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Oak Wilt

tree infected with oak wiltThe image above shows symptoms of Oak Wilt killing an oak. Photo by Steven Katovich.

Where is Oak Wilt?

Oak Wilt has never been detected in Canada before, but the disease is widespread less than 600m from Windsor, Ontario, on Belle Isle, Michigan. That’s only five football stadiums away! London is strategically located along the corridor where Oak Wilt could make its way into Ontario. Having an educated and engaged community aware of this disease that can help with early detection is especially important.

What is Oak Wilt?

Oak Wilt is an aggressive disease that affects all species of oak trees, especially red oaks. It is caused by a non-native fungus that is spread by “picnic” beetles, by root to root contact, or by people moving firewood from place to place. The fungus invades the water vessels in the sapwood of oak trees, blocks them, and kills the infected trees. Death is sudden, and it often appears that the tree is wilted (“oak wilt”).

At the advanced stage of infection, cracks and patches of white, grey or black appear on the tree emitting a characteristic fruity smell (like Juicy Fruit gum!) that attracts insects that help spread the fungus to other host trees.

Once a tree has the disease there is nothing we can do for that tree, but we can try careful root pruning (to prevent spread by roots to neighbouring oak trees), and destroy the infected tree promptly without moving it elsewhere.

















The image above shows an Oak Wilt pressure pad. Photo by Julie Holmes.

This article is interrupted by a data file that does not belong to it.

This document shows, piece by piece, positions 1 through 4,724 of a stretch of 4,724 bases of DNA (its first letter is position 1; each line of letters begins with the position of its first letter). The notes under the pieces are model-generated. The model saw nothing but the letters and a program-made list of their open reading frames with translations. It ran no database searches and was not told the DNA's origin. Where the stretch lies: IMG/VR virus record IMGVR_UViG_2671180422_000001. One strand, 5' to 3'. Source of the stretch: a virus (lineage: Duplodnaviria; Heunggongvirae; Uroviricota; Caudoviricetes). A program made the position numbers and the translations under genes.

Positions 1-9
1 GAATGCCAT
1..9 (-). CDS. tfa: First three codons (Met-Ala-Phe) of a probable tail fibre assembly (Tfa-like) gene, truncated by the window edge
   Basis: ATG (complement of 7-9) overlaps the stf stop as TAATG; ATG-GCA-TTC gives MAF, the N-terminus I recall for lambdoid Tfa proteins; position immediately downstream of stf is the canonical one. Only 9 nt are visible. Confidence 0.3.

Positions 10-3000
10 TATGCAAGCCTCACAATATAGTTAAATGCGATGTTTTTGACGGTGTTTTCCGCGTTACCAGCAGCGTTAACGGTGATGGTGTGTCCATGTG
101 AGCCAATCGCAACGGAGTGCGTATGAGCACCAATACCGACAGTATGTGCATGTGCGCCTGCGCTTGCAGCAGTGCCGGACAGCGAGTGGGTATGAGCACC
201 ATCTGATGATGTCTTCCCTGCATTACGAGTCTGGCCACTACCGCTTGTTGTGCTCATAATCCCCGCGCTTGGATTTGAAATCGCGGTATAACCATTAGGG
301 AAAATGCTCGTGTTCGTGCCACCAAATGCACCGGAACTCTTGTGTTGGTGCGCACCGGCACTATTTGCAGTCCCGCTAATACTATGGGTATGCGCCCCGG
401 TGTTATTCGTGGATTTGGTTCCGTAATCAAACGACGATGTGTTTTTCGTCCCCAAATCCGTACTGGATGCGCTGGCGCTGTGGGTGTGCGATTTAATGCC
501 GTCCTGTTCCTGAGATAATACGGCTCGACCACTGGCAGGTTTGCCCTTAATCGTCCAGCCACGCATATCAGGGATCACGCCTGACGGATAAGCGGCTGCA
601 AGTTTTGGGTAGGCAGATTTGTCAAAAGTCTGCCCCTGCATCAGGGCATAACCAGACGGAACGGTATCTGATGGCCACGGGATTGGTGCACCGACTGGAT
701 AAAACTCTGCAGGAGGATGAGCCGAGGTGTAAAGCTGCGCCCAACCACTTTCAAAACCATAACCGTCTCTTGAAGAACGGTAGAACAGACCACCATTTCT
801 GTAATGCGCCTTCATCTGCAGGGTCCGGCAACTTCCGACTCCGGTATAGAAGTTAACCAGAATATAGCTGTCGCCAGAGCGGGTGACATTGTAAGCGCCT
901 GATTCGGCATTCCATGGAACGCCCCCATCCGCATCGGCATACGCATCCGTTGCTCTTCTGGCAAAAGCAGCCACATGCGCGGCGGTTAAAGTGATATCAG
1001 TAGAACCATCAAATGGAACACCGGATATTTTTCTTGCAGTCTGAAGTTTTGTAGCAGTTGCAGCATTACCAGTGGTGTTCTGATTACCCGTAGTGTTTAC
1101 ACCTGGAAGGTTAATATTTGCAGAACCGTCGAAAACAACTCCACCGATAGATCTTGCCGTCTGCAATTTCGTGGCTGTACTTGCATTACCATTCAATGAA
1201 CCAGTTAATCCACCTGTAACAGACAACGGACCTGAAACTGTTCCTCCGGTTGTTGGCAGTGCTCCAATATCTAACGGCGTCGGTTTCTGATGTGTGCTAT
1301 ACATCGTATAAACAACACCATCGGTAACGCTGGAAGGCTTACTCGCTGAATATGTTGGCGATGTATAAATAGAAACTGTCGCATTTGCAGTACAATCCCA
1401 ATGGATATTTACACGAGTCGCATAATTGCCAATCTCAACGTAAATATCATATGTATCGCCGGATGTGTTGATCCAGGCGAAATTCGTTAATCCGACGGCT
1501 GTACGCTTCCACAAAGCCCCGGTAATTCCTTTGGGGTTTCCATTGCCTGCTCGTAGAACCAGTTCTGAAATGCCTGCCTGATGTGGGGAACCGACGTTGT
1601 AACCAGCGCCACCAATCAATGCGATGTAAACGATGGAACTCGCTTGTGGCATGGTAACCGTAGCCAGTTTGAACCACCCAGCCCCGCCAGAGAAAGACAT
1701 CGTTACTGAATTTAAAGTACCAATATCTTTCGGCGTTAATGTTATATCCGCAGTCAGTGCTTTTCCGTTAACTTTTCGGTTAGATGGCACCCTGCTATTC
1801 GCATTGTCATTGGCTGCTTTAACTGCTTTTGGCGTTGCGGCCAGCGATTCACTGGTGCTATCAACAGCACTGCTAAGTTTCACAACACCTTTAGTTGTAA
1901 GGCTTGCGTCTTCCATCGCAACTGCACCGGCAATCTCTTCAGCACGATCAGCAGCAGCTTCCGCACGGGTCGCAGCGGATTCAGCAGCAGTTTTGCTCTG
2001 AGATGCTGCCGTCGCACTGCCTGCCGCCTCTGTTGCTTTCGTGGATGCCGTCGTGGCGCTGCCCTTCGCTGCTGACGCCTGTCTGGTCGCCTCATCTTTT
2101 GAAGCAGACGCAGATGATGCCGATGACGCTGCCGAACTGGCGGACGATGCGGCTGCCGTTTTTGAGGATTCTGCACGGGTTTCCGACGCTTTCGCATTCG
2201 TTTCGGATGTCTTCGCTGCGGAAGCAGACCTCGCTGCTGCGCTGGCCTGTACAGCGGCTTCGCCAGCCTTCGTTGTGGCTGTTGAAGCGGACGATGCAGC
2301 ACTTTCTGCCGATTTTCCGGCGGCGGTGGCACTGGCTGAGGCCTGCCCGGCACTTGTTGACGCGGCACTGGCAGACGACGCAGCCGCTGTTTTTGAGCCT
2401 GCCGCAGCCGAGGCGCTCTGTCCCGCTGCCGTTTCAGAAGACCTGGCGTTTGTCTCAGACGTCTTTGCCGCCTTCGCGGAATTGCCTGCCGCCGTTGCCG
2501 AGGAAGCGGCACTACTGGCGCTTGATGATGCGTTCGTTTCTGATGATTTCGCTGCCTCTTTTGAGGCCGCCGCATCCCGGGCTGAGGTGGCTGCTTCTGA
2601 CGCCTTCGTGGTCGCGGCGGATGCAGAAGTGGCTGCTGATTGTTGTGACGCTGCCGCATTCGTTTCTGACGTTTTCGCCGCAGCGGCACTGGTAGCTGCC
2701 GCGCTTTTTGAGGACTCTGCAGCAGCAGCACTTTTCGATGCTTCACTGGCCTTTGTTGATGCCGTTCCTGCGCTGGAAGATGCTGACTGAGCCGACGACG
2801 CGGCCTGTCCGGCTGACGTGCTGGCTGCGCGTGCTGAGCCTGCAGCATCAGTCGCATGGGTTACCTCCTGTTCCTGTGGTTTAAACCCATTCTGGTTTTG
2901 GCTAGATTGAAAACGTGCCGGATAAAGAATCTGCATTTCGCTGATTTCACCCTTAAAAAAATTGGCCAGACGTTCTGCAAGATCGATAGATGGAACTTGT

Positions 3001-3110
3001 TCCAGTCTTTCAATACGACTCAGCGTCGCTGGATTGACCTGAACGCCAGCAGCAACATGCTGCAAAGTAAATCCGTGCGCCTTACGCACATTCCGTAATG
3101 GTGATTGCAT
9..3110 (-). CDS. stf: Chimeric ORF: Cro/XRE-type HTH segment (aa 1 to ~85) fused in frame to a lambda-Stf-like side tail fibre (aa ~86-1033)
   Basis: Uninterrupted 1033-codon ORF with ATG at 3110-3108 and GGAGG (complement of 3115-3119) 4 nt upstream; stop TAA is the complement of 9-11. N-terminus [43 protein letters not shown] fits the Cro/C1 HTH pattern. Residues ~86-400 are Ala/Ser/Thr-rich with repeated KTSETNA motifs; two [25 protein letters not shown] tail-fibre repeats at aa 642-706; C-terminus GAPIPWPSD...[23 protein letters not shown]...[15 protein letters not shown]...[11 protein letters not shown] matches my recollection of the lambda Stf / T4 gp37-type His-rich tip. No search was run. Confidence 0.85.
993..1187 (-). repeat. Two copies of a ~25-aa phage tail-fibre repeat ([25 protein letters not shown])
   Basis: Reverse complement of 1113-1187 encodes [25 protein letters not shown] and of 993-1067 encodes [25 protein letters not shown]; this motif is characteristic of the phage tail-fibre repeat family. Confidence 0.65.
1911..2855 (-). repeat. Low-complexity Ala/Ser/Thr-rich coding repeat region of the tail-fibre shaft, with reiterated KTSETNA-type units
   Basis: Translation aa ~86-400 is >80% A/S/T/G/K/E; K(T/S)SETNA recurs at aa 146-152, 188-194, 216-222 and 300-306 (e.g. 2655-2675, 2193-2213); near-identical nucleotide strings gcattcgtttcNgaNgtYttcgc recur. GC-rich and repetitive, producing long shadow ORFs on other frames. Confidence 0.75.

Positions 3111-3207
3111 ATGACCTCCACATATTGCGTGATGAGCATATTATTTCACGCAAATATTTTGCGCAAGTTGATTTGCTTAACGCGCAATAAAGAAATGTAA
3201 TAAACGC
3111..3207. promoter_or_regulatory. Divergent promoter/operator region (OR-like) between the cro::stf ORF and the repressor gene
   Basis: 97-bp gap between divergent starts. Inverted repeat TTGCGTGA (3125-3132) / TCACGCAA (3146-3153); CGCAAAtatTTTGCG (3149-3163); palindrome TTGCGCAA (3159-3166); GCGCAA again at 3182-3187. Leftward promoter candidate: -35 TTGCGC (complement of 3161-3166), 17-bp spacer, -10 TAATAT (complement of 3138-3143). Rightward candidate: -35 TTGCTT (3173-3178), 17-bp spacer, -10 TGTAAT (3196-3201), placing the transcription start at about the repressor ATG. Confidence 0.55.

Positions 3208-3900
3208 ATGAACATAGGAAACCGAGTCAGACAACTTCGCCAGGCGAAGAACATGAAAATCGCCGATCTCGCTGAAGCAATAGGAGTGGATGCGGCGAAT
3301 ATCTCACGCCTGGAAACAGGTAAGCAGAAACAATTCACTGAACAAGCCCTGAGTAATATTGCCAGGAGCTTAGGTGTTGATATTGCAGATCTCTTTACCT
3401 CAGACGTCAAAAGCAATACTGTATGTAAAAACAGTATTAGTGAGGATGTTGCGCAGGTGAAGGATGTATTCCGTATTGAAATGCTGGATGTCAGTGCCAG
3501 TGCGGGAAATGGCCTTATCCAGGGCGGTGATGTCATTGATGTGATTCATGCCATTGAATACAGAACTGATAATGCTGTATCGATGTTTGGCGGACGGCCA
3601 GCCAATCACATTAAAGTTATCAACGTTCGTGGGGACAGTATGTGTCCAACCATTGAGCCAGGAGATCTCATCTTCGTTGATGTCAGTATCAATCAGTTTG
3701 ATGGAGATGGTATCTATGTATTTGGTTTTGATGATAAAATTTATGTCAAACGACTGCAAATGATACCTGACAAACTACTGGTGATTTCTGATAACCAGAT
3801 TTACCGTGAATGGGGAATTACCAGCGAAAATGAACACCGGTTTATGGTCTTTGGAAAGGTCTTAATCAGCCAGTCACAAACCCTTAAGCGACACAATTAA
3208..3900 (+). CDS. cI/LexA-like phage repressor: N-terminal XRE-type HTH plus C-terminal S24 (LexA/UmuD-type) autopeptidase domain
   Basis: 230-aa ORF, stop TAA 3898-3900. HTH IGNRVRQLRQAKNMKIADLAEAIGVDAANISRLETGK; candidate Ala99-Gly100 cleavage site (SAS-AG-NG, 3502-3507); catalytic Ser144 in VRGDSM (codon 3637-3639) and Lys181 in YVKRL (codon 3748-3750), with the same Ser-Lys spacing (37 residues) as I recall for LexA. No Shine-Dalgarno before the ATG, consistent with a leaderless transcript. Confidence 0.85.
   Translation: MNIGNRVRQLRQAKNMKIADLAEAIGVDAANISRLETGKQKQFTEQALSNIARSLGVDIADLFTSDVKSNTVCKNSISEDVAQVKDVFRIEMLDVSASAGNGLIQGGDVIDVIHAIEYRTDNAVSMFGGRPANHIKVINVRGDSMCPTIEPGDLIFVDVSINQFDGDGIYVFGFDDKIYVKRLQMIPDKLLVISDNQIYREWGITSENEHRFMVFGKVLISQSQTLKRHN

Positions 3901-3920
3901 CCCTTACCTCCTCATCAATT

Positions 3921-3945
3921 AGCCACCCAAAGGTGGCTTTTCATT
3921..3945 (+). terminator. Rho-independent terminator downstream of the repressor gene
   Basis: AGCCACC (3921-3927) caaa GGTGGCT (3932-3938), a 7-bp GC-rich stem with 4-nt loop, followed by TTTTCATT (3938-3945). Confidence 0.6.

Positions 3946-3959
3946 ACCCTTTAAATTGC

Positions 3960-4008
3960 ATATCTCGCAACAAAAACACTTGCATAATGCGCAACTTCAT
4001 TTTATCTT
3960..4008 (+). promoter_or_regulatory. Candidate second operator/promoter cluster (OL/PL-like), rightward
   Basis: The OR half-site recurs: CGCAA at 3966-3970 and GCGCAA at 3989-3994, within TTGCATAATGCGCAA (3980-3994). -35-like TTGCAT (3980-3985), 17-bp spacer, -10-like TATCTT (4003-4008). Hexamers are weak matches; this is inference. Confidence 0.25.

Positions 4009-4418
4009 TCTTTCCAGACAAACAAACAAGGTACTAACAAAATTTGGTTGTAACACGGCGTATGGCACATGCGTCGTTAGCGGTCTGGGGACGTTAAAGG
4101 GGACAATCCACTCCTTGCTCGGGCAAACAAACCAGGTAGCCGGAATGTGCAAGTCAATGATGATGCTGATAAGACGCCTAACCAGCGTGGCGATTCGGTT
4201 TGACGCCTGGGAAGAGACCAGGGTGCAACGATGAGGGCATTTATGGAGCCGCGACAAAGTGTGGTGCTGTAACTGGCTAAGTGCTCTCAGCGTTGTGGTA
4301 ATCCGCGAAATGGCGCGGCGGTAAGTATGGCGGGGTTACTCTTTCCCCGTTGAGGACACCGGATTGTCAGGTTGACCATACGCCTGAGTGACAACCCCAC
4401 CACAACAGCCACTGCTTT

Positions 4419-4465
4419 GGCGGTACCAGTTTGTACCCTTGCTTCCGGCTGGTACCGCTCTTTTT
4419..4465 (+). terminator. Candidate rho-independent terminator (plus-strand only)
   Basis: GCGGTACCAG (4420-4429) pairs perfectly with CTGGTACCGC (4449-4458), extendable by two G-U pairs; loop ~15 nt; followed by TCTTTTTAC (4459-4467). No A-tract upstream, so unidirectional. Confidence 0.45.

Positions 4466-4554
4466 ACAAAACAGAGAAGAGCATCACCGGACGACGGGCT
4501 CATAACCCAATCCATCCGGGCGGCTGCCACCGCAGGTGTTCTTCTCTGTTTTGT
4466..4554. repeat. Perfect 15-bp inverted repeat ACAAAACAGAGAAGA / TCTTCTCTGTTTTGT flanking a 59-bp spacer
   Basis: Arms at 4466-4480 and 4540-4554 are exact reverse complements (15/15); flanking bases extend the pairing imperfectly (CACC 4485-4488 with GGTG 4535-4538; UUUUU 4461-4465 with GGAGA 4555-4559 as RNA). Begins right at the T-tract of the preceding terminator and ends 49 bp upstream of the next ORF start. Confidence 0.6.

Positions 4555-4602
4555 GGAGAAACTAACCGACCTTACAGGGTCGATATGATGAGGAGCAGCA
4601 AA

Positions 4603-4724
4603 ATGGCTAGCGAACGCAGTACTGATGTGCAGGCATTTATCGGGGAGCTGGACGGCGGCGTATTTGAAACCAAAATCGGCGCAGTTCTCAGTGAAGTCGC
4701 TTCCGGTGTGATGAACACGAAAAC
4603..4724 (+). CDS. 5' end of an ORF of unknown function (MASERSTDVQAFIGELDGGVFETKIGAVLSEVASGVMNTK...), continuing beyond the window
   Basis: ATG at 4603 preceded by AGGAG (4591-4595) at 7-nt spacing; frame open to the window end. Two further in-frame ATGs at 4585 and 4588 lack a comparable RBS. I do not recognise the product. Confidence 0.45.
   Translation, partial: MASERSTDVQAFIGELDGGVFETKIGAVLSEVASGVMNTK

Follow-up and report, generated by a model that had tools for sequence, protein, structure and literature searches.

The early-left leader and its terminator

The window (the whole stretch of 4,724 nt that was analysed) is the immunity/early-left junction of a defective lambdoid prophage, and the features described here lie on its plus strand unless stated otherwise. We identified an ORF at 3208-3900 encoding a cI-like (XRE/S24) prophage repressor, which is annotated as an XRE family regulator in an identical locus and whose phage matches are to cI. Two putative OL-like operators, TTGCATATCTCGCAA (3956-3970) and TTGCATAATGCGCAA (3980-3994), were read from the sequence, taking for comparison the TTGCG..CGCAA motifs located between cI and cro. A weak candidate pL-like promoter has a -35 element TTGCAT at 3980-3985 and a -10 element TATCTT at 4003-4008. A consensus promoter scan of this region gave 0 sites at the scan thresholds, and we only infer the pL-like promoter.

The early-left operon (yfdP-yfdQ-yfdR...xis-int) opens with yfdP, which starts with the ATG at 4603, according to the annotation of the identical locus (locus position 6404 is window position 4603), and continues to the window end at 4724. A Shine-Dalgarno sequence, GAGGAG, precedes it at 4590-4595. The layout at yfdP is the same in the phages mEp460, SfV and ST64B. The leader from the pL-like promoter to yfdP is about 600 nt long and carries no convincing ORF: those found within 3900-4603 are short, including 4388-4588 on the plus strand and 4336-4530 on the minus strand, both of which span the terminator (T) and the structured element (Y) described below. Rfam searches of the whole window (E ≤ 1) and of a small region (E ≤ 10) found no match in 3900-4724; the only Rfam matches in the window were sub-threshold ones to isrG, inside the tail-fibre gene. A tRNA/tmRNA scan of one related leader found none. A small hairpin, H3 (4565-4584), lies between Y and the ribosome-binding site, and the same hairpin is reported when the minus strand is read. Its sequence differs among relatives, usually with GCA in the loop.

Tips to Prevent Oak Wilt

Don’t Move Firewood!
If an infected tree was cut down for firewood, it should be burned as quickly as possible, and never taken elsewhere, like to a camp or cottage! By not moving firewood, you will help prevent the spread of all sorts of pests and diseases that threaten our forests. 

Avoid routine pruning of oak trees between April and July!
This is also the time of the year that “picnic” beetles carrying the fungal spores are active and can be attracted to the sweet smelling infected Oaks. If the work is an emergency than prune branches that are only needed to make the area safe. Immediately after the wound is created, paint the area with pruning paint or even latex paint to provide a barrier to the “picnic” beetle.

Be on the lookout for unusual changes!
Give your oak tree special attention and observe it during the seasons for changes. Does it look like it is suffering from drought when there is not one? Oak trees should have their leaves in the spring and summer months. If green or browning leaves are on the ground in July and dropping early that is a common sign of Oak wilt.  

Contact an Arborist!
It’s good practice to have trees inspected yearly. An Arborist may be able to see symptoms in Oak trees that would perhaps not stand out to the homeowner.   

brown leaves

The image above shows an example of discoloration of leaves progressing from the edge of the leaf to the middle; premature leaf fall (including green leaves). Photo by Joseph O’brien, USDA Forest Service.

What is the City doing?

Oaks comprise about 1% - 2% of our urban forest, and generally there are more white oak species than red oak species in London. White oaks tend to die more slowly when infected by Oak Wilt. According to The City of London’s tree inventory, we have an estimated 8,000 oak trees, with about a 50-50 makeup of red and white oak types.

The City’s Forestry Operations are following best management practices (BMPs) such as scheduling routine non-emergency pruning of oaks outside of the months of April-July during the active period of the “picnic” beetle.

Although oaks make up a relatively small percentage of the urban forest, they are very important, usually living for centuries and growing to a large size, providing food, shelter and a place to live for hundreds of other species of native wildlife. Many of London’s older mature trees are oaks, which contribute to a diverse tree canopy cover.

How to Report Oak Wilt

By law, finding this disease, or suspecting it, must be reported to the Canadian Food Inspection Agency (CFIA). The City of London is supporting the CFIA with early detection of the disease in Canada and asks residents that have concerns with an oak tree that dies suddenly or appears to be showing signs or symptoms of oak wilt to contact the CFIA or the City's Urban Forestry division immediately.

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